Motorcycle Insurance Coverage Info
Selecting the Right Coverage:
- Liability Coverage – helps protect you and your possessions if you cause and injury to others or damage anyone’s property.
- Medical Payments Coverage pays for medical expense on passengers without fault and pedestrians.
- Collision pays for damage to your vehicle.
- Comprehensive pays for everything else including theft and animal collision
- Underinsured/uninsured motorist protection- pays for being hit by an underinsured or uninsured motorist.
- Towing & Labor
Selecting the Right Agent:
- Be sure you have the correct limits for the financial responsibility for your State.
- Make certain you carry high enough deductibles for maximum premium savings.
- Select the properly A+ rated insurance company
- Ask for references and get several
- Ask questions about coverage, limits and exclusions
- Ask for multi policy credits because they are available.
Summary of Insurance:
- Ask questions and get answers
- Be sure you are buying a quality company with A+ rating
- Purchase coverage with higher deductible to lower your premium
- Pick an agent who has you best interest in mind
The consumer may be protected with different coverage types depending on what coverage the insured purchases.
In the United States, liability insurance covers claims against the policy holder and generally, any other operator of the insured’s vehicle, provided they do not live at the same address as the policy holder and are not specifically excluded on the policy. In the case of those living at the same address, they must specifically be covered on the policy. Thus it is necessary for example, when a family member comes of driving age they must be added on to the policy. Liability insurance sometimes does not protect the policy holder if they operate any vehicles other than their own. When you drive a vehicle owned by another party, you are covered under that party’s policy. Non-owners policies may be offered that would cover an insured on any vehicle they drive. This coverage is available only to those who do not own their own vehicle and is sometimes required by the government for drivers who have previously been found at fault in an accident.
Generally, liability coverage does extend when you rent a car. Comprehensive policies ("full coverage") usually also apply to the rental vehicle, although this should be verified beforehand. Full coverage premiums are based on, among other factors, the value of the insured’s vehicle. This coverage may not apply to rental cars because the insurance company does not want to assume responsibility for a claim greater than the value of the insured’s vehicle, assuming that a rental car may be worth more than the insured’s vehicle. Most rental car companies offer insurance to cover damage to the rental vehicle. These policies may be unnecessary for many customers as credit card companies, such as Visa and MasterCard, now provide supplemental collision damage coverage to rental cars if the transaction is processed using one of their cards. These benefits are restrictive in terms of the types of vehicles covered.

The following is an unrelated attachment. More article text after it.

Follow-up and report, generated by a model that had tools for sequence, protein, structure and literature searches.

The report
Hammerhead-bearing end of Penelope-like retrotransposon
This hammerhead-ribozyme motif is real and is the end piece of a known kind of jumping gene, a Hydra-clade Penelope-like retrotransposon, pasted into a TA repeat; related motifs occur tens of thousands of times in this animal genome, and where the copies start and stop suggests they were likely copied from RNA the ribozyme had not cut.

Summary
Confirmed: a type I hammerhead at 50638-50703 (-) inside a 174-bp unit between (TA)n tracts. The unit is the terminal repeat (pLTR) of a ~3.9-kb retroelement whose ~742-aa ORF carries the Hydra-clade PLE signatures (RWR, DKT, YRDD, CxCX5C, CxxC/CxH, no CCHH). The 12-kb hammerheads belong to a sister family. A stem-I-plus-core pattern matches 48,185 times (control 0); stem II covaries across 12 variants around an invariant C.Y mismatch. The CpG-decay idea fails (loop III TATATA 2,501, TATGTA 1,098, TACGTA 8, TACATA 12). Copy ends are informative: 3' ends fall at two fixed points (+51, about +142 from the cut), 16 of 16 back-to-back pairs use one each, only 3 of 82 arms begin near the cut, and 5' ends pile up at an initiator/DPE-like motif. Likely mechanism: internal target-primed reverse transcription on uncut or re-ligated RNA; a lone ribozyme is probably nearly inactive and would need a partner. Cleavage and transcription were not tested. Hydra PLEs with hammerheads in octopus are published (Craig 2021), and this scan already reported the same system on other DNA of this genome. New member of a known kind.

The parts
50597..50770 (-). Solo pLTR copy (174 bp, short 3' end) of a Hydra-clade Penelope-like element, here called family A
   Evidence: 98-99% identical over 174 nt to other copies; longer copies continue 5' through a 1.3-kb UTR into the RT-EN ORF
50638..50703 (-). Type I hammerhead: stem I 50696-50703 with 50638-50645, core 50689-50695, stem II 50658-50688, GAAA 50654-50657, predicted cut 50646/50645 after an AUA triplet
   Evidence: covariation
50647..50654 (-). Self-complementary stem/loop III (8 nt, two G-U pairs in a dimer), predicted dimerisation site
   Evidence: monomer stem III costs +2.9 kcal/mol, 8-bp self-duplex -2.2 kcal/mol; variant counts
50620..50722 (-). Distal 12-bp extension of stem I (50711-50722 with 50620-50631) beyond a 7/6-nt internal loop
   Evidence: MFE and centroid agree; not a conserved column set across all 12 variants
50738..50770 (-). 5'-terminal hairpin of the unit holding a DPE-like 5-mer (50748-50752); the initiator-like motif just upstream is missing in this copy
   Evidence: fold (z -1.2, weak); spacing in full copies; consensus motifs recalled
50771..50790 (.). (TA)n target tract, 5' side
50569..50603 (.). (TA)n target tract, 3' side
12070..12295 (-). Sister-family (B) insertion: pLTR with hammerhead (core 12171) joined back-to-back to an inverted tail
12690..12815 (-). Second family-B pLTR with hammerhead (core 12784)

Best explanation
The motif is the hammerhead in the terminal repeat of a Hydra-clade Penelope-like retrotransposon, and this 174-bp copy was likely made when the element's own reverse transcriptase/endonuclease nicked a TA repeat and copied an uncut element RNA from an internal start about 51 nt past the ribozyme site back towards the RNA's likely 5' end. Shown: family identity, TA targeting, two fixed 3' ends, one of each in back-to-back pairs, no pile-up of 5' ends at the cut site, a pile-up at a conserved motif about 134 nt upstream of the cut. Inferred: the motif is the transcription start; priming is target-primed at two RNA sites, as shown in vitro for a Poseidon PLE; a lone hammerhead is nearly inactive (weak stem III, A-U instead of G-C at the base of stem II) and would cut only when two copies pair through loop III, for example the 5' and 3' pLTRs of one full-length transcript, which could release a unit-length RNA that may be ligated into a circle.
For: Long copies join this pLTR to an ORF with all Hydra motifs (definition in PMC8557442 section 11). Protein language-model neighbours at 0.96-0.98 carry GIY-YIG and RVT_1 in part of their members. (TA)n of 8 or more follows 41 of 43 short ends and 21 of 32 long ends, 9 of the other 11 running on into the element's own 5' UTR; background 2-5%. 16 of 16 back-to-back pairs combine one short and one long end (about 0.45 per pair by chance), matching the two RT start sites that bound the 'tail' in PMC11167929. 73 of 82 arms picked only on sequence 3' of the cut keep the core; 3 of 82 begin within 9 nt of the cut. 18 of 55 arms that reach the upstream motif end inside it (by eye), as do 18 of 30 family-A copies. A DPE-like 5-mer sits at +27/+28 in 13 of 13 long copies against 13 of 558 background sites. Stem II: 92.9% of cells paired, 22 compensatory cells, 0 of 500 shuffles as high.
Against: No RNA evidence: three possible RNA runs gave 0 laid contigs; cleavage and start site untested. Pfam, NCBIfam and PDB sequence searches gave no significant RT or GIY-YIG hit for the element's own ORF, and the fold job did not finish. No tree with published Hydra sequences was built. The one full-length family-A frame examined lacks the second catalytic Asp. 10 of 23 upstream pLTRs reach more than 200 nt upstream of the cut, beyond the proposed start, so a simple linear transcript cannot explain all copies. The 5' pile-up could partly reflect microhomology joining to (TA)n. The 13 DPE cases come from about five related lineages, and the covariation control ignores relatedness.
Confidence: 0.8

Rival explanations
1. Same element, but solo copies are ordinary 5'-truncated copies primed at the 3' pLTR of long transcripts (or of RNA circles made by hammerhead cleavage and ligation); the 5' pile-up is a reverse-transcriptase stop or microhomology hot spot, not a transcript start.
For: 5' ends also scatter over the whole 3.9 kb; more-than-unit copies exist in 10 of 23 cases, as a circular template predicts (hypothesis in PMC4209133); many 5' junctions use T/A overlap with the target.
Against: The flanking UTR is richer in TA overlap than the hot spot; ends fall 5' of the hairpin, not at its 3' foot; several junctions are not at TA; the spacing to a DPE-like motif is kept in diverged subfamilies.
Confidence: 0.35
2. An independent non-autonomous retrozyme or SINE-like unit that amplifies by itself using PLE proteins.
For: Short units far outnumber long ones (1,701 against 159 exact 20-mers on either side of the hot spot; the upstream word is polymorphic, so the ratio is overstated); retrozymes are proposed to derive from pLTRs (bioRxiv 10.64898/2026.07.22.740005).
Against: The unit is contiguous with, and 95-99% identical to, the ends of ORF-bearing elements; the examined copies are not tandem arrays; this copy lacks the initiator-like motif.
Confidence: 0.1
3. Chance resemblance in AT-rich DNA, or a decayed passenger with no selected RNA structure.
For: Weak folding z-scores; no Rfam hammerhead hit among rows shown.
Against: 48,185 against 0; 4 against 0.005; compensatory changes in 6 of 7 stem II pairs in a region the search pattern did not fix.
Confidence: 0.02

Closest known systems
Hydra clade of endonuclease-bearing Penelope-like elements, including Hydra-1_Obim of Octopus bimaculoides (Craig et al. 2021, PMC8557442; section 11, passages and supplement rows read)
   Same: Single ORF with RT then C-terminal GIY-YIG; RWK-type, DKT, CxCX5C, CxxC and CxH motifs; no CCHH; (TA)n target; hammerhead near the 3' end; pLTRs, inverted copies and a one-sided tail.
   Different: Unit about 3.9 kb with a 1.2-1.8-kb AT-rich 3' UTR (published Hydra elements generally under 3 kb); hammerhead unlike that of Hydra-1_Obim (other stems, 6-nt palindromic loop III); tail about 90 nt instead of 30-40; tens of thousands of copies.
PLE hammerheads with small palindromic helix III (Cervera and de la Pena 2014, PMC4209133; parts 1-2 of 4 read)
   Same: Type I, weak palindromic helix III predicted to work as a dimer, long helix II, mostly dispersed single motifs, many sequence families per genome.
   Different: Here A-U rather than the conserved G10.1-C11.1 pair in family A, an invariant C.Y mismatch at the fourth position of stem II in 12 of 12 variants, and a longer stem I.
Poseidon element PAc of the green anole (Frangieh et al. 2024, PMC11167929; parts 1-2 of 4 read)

Liability coverage provides a fixed dollar amount of coverage for damages that an insured becomes legally liable to pay due to an accident or other negligence. For example, if an insured drives into a telephone pole and damages the pole, liability coverage pays for the damage to the pole. In this example, the insured also may become liable for other expenses related to damaging the telephone pole, such as loss of service claims (by the telephone company).
Collision coverage provides coverage for an insured's vehicle that is involved in an accident, subject to a deductible. This coverage is designed to provide payments to repair the damaged vehicle, or payment of the cash value of the vehicle if it is not repairable. Collision coverage is optional. Collision Damage Waiver (CDW) is the term used by rental car companies for collision coverage.
Comprehensive (a.k.a. - Other Than Collision) coverage provides coverage, subject to a deductible, for an insured's vehicle that is damaged by incidents that are not considered Collisions. For example, fire, theft (or attempted theft), vandalism, weather, or impacts with animals are just some types of Comprehensive losses.
Uninsured/Underinsured coverage, also known as UM/UIM, provides coverage if another at-fault party either does not have insurance, or does not have enough insurance. In effect, your insurance company acts as at fault party's insurance company.
In the United States, the definition of an uninsured/underinsured motorist, and corresponding coverages, are set by state laws.
Loss of Use coverage, also known as rental coverage, provides reimbursement for rental expenses associated with having an insured vehicle repaired due to a covered loss.